As soon as the rocket is clear of the launch table it climbs vertically for 6 seconds then it rotates towards the East maintaining an attitude that ensures the axis of the launcher remains parallel to its velocity vector, in order to minimize aerodynamic loads throughout the entire atmospheric phase, until the solid boosters are jettisoned. The payload fairing protecting the DIRECTV-14 and GSAT-16 spacecraft is jettisoned shortly after the boosters are jettisoned about 200 seconds after lift-off.

Once this first part of the flight is completed, the onboard computers optimize the trajectory minimizing propellant consumption to bring the launcher to its targeted orbit at the end of the main stage propulsion phase, and then the final orbit at the end of the flight of the cryogenic upper stage. The main stage falls back off the coast of Africa in the Atlantic Ocean.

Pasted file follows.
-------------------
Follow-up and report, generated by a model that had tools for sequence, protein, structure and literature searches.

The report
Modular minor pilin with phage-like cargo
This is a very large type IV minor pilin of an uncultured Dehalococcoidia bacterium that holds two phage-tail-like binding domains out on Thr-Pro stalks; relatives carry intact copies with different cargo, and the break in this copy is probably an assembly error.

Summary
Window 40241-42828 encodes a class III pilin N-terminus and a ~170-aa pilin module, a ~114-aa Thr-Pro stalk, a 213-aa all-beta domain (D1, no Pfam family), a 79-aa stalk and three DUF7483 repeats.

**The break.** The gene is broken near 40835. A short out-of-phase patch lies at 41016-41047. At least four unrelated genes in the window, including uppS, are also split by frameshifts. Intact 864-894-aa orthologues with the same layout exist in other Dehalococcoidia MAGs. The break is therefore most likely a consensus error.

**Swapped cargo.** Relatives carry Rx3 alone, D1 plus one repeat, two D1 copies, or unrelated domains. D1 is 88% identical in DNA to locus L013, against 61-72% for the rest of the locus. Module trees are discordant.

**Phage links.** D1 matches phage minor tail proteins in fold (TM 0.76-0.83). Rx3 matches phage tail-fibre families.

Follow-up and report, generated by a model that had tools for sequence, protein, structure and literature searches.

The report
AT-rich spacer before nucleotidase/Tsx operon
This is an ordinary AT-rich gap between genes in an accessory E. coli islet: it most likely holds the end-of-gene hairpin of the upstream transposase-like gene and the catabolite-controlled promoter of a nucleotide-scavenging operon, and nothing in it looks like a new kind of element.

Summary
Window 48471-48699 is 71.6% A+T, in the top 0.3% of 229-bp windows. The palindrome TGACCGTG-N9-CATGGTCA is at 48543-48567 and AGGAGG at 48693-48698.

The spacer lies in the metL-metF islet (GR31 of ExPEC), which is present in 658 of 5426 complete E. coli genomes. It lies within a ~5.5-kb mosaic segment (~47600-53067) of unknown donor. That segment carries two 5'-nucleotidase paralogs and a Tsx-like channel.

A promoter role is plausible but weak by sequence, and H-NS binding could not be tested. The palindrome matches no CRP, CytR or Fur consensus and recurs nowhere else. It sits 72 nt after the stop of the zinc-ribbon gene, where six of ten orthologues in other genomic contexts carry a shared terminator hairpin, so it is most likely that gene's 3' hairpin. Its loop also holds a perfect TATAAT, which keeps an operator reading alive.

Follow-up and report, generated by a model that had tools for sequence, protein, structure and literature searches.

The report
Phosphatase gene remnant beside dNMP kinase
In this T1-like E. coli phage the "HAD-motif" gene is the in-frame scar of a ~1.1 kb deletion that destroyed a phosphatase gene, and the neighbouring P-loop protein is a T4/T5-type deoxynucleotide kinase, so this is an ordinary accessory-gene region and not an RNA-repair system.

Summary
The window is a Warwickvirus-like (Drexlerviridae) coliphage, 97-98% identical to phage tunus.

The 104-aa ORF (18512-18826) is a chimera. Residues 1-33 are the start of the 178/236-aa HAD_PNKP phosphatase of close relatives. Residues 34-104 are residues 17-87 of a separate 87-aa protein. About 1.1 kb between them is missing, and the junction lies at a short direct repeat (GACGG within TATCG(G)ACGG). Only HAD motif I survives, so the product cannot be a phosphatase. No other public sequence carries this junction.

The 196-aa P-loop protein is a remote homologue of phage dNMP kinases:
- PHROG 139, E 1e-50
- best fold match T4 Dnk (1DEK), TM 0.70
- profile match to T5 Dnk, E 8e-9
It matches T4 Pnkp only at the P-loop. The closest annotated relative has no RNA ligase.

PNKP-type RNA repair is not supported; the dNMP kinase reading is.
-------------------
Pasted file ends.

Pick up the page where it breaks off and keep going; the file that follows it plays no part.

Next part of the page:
On orbital injection, the launcher will have a velocity of approximately 9,320 meters per second, and will be at an altitude of about 694.9 kilometers. Separation of the DIRECTV-14 satellite will come at 27 minutes after launch followed 5 minutes later by GSAT-16 separation.

European company Arianespace was founded in 1980 as the world’s first launch Service & Solutions company. Arianespace has signed more than 390 launch contracts and launched 490 satellites. More than two-thirds of the commercial satellites now in service worldwide were
launched by Arianespace and it now has a backlog of more than 40 satellites to be launched.

 

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A native of the Netherlands, van Oene became ‘infected’ with the ‘space virus’ by an enthusiastic school teacher in 1981. Since 1994 he has been a freelance space photographer and writer for magazines and websites in Holland, Belgium and ‘Spaceflight’, the magazine of the British Interplanetary Society. van Oene is also the co-founder and CFO of SPACEPATCHES.NL. This Netherlands-based foundation currently produces all the official Soyuz crew patches for the Russian Space Agency, Roscosmos.